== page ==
As soon as Kyra saw the book, she yelled "PUPPIES!"while jumping up and down in her seat. I smiled at her and soooo could relate to her excitement. After all, I act the same way when I see dogs. But for some reason, Kyra couldn't say the world "dog," although we sounded out the word and repeated it several times. Instead, Kyra would yell out "Puppies!" until we turned the page to the black retriever.


"You do? Well, that's really cool. But let's sit back in your chair, so you don't fall," I cautioned while secretly laughing inside due to her exuberance.

Later in the session, Kyra had to repeat word sequences after me.

"Ap-ple, ba-na-na."

"Apple, bana...ny."

"Let's try it again, apple, banana."

"Apple, ba ba banana."

"Very good, you are doing soooo well. Now, daisy, rose."

"Daisy...hey, THAT'S MY PUPPY'S NAME!!! DAISY ROSE!!!!!!!"

I could barely contain my laughter, because I thought that Kyra was going to fall off her chair again. This girl seriously loves dogs, I mean, puppies. I'm seriously falling in love with her.

By the way, one of my co-workers tutors a student who told him her mommy's birthday was this past weekend. The kindergartner had to bring the cake to jail where her mommy is staying.


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Aren't these cuties adorable? The curly-haired diva is my sister, and the little boys are part of my new extended family (through my stepfather's side).

Now they are doing the YMCA:
And now, what you have all been waiting for...my sister wearing the infamous bass hat:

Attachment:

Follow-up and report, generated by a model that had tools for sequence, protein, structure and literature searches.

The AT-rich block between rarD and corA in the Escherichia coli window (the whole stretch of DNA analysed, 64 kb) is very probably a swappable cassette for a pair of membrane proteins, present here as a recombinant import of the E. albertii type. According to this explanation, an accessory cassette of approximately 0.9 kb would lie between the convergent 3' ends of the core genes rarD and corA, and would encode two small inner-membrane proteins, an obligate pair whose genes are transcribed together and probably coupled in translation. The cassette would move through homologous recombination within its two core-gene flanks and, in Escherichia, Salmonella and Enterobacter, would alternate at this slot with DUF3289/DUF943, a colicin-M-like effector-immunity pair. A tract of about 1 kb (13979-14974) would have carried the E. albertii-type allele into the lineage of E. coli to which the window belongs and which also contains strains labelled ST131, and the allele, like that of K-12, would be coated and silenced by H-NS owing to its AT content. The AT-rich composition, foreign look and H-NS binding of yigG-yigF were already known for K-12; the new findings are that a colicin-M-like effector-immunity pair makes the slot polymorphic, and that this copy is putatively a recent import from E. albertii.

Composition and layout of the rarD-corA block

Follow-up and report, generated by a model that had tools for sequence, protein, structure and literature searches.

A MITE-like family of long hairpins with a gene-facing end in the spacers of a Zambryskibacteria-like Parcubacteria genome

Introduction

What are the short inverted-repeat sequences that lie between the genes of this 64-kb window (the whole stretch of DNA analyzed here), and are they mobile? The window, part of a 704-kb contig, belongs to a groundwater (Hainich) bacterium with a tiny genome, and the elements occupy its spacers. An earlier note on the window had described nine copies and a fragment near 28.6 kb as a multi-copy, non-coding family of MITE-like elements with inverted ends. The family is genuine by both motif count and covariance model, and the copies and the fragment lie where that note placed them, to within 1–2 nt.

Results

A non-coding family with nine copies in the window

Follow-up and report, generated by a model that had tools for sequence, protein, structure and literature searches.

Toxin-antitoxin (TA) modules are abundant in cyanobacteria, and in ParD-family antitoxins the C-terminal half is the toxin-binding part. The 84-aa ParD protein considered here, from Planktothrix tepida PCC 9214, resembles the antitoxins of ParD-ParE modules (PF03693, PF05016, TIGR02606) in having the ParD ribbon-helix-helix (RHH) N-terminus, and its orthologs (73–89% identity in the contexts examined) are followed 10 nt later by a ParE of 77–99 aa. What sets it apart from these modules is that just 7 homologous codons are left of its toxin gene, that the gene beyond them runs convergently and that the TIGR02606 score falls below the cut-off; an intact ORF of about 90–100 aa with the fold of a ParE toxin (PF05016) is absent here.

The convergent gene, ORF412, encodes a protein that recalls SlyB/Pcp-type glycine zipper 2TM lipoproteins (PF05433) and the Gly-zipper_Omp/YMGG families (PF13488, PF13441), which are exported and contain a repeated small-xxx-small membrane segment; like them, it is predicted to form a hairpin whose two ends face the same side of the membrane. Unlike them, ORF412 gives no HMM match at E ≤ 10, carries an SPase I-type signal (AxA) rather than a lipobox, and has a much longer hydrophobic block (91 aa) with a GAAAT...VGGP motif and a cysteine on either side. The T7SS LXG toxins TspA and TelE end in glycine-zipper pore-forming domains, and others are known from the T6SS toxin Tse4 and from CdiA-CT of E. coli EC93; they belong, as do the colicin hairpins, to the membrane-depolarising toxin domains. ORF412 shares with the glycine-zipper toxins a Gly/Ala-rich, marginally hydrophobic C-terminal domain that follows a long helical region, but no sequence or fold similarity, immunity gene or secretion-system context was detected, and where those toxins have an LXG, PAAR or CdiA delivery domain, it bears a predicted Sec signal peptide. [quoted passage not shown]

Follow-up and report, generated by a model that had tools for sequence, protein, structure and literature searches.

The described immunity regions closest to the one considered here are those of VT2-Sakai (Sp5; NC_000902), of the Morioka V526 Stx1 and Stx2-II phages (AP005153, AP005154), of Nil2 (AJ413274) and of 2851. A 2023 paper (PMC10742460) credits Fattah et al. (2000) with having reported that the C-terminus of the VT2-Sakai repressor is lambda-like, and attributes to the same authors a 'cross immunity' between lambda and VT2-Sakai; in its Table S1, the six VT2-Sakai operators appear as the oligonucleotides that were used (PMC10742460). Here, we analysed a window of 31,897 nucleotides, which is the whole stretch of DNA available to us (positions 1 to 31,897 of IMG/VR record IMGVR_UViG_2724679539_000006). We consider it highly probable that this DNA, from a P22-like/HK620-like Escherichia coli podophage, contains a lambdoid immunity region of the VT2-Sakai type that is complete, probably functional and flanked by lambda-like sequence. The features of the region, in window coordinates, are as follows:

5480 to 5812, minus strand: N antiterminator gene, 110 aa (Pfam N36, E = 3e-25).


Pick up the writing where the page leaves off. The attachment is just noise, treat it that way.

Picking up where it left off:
*Sorry, but exhaustion has numbed my creativity, so pictures will have to do.


Sushi Dreams

I have had some really bizarre dreams this weekend. I don't know if they were triggered by sushi or watching the movie, Proof, this past Saturday. However, I still can't shake the uneasiness they created.

Now I know y'all will want to hear the dreams' details, but they are too crazy to share. (Aren't I a dream-tease?) However, I'm all about group therapy, so here's your chance to share your haunting nightmares/dreams with the blog world and release them from controlling your mind. So I ask you, what's the dream you just can't shake?


Robertson suggests God smote Sharon - Jan 5, 2006

CNN.com - Robertson suggests God smote Sharon - Jan 5, 2006

I have already suggested Robertson is the Devil Incarnate. However, now I know he is f*ing crazy.

Why does this man have such a following? I'm sorry, but he reminds me of Hitler. For everyone who lives outside of the U.S., please know that he does NOT speak for us. Most of us believe he should take a long walk off a short pier.

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Microsoft Shuts Down Chinese Blog

Microsoft Shuts Down Chinese Blog

This case, which involves freedom of speech, global enterprise, and the internet, is fascinating to me. I'm not sure what my position is regarding shutting down this blog. However, feel free to tell me what you think Microsoft should have done and try to sway my opinion.